It was winter of 1973 and Singaporean L. Shanmugam waited at the guardhouse of a building in the small town of Hermannsberg, Germany. The Outward Bound Singapore (OBS) instructor hoped for the once-in-a-lifetime chance to call on Kurt Hahn, the father of experiential education and founder of Outward Bound.
When a staff member told him that the elderly Hahn was a sick and frail man who did not entertain guests, Shanmugam persisted. He said he had hitchhiked his way from Wales to Germany, braving the brutal cold and crossing the Alps just to meet Hahn – if that was not the spirit of adventure, what was?
The next moment, the gates opened and he was ushered in. It was a surreal and exciting experience to finally meet Hahn, he recalled.
Over lunch, Shanmugam shared that he had come from a faraway country called Singapore. He talked about how the tropical island had little experience with mountaineering, polar exploration or extreme landscapes. Despite the limitations, this did not stop young Singaporeans from continuing to follow in Hahn’s rich legacy of outdoor learning.
The origins of adventure education
Born in Germany, Kurt Hahn resisted growing up in a rigidly academic and authoritarian schooling environment. That sparked the beginnings for Hahn’s philosophy of experiential learning. He felt that schools should promote character-building, beyond just rote memorization and tests.
In 1920, Hahn was the founding headmaster of Schule Schloss (Castle School), a private boarding school in Salem, Germany. He developed a set of principles called “The Seven Laws of Salem”, which advocated to give children the opportunity for self-discovery, to develop humility, to experience periods of silence, train the imagination and to erase their sense of privilege.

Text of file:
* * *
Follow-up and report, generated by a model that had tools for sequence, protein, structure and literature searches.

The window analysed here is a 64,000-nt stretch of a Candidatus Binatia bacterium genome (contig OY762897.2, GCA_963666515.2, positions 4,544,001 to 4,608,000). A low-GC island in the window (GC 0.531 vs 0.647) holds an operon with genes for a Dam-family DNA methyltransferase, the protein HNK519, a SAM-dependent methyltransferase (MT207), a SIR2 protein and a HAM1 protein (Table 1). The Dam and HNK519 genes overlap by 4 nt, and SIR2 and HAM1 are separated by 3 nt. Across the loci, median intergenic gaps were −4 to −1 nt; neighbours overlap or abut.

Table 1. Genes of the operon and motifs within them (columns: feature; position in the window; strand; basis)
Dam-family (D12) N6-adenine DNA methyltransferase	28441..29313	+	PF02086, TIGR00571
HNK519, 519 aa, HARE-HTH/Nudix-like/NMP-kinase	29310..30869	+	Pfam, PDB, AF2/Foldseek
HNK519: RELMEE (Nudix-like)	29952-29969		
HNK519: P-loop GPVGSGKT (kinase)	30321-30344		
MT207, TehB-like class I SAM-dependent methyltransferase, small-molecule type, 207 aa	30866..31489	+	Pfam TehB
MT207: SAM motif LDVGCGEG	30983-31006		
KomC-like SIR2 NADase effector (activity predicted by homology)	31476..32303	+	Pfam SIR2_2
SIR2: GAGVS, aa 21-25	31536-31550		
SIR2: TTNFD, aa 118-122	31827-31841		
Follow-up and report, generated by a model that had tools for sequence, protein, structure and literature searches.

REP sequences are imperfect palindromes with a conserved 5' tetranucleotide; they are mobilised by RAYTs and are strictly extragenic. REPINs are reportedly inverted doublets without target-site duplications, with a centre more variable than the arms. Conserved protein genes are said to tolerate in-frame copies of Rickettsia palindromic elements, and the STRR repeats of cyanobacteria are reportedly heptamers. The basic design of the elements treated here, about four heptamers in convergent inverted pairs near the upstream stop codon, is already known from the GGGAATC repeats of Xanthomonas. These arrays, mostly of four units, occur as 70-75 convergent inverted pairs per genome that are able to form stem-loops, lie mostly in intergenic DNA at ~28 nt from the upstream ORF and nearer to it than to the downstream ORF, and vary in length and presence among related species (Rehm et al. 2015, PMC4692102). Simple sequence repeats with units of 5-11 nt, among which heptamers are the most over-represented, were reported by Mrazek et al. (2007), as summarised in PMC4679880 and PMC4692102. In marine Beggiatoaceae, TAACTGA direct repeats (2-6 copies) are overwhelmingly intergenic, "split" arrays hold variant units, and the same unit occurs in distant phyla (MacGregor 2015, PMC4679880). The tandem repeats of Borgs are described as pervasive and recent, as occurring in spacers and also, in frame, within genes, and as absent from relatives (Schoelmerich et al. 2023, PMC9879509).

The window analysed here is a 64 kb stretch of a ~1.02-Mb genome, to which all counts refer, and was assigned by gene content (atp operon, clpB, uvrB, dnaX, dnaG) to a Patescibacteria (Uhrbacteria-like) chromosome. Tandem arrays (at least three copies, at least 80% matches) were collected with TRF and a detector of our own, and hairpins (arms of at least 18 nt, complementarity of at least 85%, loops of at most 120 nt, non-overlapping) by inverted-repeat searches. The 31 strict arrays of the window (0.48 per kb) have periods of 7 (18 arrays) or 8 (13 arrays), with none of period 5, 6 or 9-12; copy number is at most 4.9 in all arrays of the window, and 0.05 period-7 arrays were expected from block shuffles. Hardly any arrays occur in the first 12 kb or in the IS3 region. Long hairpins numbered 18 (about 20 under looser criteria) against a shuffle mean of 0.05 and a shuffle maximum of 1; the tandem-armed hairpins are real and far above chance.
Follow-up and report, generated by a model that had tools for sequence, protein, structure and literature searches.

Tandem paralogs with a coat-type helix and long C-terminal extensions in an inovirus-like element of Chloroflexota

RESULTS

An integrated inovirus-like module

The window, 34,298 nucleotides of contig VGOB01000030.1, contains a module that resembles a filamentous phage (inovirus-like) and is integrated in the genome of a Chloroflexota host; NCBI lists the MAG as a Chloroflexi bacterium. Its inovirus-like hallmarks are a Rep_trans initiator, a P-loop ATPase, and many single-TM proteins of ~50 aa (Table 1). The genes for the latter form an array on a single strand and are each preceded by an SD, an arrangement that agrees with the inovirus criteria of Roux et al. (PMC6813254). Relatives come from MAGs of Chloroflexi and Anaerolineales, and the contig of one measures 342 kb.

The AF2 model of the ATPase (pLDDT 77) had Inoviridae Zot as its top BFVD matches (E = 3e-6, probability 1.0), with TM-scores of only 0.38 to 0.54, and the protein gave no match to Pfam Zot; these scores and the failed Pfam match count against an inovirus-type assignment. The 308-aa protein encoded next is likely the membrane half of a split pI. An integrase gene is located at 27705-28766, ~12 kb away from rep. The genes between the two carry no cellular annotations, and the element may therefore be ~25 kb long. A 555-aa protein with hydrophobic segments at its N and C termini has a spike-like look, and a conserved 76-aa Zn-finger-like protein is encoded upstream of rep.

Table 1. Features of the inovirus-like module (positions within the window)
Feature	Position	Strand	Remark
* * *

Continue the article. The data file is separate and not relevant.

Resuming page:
As the founder and headmaster of Gordonstoun School in Scotland in 1934, his students underwent regular sailing expeditions and hill-walking. One important element was the emergency rescue service at Gordonstoun School. His students learnt to fight fires, track down missing hikers and rescue sailors from shipwrecked boats along the coast.
During the Second World War, Hahn proposed to start a new kind of school in Aberdovey in Wales to train youths: a one-month course involving expeditions across three mountain ranges, rescue training and volunteer work in the local community. In 1941, Outward Bound was born. It was coined after the nautical term for ships leaving safe harbors for the unknown.
Hahn was not the only one who believed that the outdoors could significantly shape the personal development of young people. Another revolutionary figure was Lord Robert Baden-Powell, a British Army officer, avid explorer in his school days and author of the highly influential manual “Scouting for Boys”.
In 1907, Baden-Powell gathered 22 boys from upper-class families and working-class homes to Brownsea Island. It was the world’s very first Scout camp, centered on the spirit of adventure, learning by doing and self-reliance. This paved the way for a new worldwide Scout movement that would spread across the globe.
Bringing the Outward Bound spirit to Singapore
Eighty years on, the unique model of experiential education has expanded far and wide.
Outward Bound has developed into a global network of over 35 schools spanning six continents, and been adopted as a national policy by Singapore.
In 1967, the Outward Bound School of Singapore (later renamed Outward Bound Singapore) was set up, shortly after the country gained independence. It was founded by the then Minister for the Interior & Defence Goh Keng Swee, who felt it was crucial to develop the country’s only natural resource – its people.
For a country to prosper, producing strong leadership and men of action was crucial, said founding Prime Minister Lee Kuan Yew in a 1965 speech. More than just book smarts, the education system should groom a “fighting, effective generation with the guts and will to survive,” he said.
The school was initially established in an abandoned quarry on Pulau Ubin, an island northeast of mainland Singapore and one of the few terrains left largely untouched by modernization. It had prawn ponds, granite quarries, a few kampongs (villages), old rubber plantations, mangrove swamps and some stretches of beach. The pioneers hunted for trees in the nearby mangrove swamps for the wood to build obstacle courses and salvaged tyres and planks washed ashore.